Most houses have a pull cord in the bathroom but there are some that have the switch outside. Hotels generally seem to have the switch outside.
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Re: Outlets in bathrooms
« Reply #8 on: February 25, 2013, 04:43:03 PM »
I HATE the no outlets in the bathroom here.  I don't get why they can't use the GFI outlets like in the US... and I know not to use a hairdryer in the bathtub...  Oh well, one of the things I've learned to "get over it".

DW just has an extension cord into the bathroom to use for hairdryer - I'm pretty fixated on checking that it's switched off at the plug when it's not in use!
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Re: Outlets in bathrooms
« Reply #9 on: February 25, 2013, 04:56:49 PM »
In theory it's a safety thing....so why have outlets in the kitchen where there's also access to water....like a foot from the sink?

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Re: Outlets in bathrooms
« Reply #10 on: February 25, 2013, 05:15:42 PM »
In theory it's a safety thing....so why have outlets in the kitchen where there's also access to water....like a foot from the sink?

One of those great mysteries of life in the UK (but it won't be on the test).

I also think that they shouldn't be so close to the sink either. When we had our kitchen refitted the designer wouldn't place on at the small counter at side of sink that is only 2 ft wide. But asked the electrician we hired and he put one there - just as well as without having the kettle there I'm not sure what we'd otherwise use that space for!
What got me was that they just ran cable on the floor under the cabinets  - not sure what will happen if the washer springs a leak!
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Re: Outlets in bathrooms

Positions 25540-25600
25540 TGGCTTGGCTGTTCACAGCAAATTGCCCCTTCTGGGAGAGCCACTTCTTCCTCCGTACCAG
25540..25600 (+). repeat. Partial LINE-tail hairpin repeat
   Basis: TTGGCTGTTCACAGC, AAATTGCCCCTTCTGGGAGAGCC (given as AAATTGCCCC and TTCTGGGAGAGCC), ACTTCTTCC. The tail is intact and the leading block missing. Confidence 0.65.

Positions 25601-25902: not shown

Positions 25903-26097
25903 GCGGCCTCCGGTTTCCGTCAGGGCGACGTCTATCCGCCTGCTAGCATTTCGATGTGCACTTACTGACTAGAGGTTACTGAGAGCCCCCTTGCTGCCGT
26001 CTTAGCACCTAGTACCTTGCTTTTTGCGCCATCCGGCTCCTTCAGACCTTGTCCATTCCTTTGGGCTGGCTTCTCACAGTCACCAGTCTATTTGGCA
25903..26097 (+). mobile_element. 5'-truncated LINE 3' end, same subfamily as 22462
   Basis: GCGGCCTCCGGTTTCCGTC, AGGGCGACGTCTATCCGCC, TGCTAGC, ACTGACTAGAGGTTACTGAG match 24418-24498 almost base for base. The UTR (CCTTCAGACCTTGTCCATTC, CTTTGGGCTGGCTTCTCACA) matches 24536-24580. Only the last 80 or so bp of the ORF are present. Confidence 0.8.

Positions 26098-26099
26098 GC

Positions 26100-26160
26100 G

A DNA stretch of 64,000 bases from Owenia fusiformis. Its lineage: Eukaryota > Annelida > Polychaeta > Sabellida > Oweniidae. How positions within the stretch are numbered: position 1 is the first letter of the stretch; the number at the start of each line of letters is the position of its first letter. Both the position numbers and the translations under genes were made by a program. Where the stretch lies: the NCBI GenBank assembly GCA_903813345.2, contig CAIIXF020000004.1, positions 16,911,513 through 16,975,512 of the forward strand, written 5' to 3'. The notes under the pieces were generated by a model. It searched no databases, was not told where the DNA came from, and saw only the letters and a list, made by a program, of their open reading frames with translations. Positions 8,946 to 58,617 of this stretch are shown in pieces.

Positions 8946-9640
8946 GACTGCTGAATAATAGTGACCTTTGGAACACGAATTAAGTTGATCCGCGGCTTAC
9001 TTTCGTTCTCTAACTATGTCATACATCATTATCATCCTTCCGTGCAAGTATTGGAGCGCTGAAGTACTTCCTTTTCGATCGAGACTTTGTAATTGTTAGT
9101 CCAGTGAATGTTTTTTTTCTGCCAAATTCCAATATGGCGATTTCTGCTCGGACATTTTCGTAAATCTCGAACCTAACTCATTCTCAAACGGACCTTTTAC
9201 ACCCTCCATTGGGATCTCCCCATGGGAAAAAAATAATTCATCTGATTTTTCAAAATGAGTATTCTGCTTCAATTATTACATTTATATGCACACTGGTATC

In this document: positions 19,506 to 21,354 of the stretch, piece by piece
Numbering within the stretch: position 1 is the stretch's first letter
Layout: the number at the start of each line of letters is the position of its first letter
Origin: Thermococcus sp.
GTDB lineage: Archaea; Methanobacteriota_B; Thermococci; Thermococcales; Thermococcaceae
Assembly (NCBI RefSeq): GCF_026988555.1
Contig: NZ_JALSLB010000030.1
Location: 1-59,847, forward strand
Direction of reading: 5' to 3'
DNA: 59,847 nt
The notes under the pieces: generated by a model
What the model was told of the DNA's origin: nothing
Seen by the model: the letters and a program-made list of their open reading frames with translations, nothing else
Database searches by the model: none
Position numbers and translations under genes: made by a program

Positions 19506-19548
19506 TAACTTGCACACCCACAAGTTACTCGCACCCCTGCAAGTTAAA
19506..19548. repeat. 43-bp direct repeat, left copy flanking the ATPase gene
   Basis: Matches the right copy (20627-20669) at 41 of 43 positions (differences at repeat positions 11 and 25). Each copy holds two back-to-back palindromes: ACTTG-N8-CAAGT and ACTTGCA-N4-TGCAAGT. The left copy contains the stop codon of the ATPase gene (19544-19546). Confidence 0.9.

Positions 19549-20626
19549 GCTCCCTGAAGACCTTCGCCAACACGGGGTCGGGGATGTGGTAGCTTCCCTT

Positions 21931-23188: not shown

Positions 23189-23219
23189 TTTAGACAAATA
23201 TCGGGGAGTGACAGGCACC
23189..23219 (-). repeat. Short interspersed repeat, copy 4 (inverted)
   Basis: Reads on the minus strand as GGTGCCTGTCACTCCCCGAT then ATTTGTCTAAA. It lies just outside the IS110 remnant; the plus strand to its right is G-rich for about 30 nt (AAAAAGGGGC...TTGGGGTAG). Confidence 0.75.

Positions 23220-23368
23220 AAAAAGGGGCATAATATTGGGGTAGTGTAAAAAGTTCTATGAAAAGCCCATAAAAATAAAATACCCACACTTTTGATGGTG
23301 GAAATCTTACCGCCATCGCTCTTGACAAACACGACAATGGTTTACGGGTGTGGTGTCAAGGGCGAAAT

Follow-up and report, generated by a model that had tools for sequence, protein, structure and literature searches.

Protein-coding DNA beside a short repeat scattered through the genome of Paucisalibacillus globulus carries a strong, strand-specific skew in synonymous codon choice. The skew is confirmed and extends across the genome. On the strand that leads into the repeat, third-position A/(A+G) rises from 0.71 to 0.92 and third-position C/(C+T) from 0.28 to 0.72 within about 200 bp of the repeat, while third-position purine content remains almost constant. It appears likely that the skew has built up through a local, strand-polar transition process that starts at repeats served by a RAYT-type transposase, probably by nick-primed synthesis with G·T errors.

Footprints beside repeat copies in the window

« Reply #11 on: February 25, 2013, 06:15:20 PM »
Remember that UK currents run at at a higher voltage (usually 240) where normal US current in most wall outlets are around 120V.  In the US, only appliances with heating elements use 220V like dryers, ovens, furnaces, kilns, etc.   Regular electricity is twice as dangerous in the UK, if you want to think of it that way. 

But, I do think the absence of outlets near water is silly.  By that train of thought, one could never have a jacuzzi tub or a shower pump for that matter. 

Sometimes you just need to let Darwinism sort it out.   :D


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Re: Outlets in bathrooms
« Reply #12 on: February 25, 2013, 06:39:47 PM »
Thanks for your input, all.

I found out she stayed in London in 2002. She said she had outlets in the bathroom of her hotel, and also heated towel racks and dimmer switches inside the bathroom.

I guess the hotel bathroom was big enough to abide by the 3-metre rule.

Ah well, I was just wondering.  Thanks!
British Citizenship approval: May 2016
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**************************************************************
Well, she was an American girl, raised on promises.
She couldn't help thinking that there was a little more to life, somewhere else.
After all it was a great big world, with lots of places to run to.
And if she had to die trying she had one little promise she was gonna keep.

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Re: Outlets in bathrooms
« Reply #13 on: March 08, 2013, 09:23:46 AM »
We don't have outlets in the bathroom, but when I bought a hairdryer here, it came with a 'salon-length cord' or something like that.  :)  It's massively long and I can plug it in a nearby room, pull the cord under an open door and lo and behold- I can dry my hair in the bathroom.  :)   Woohoo!!!   ;D

I'd only really bother if I were going somewhere important, though, as I don't usually 'do' my hair (I just dry it :P ).  :)  But I can do it.  :)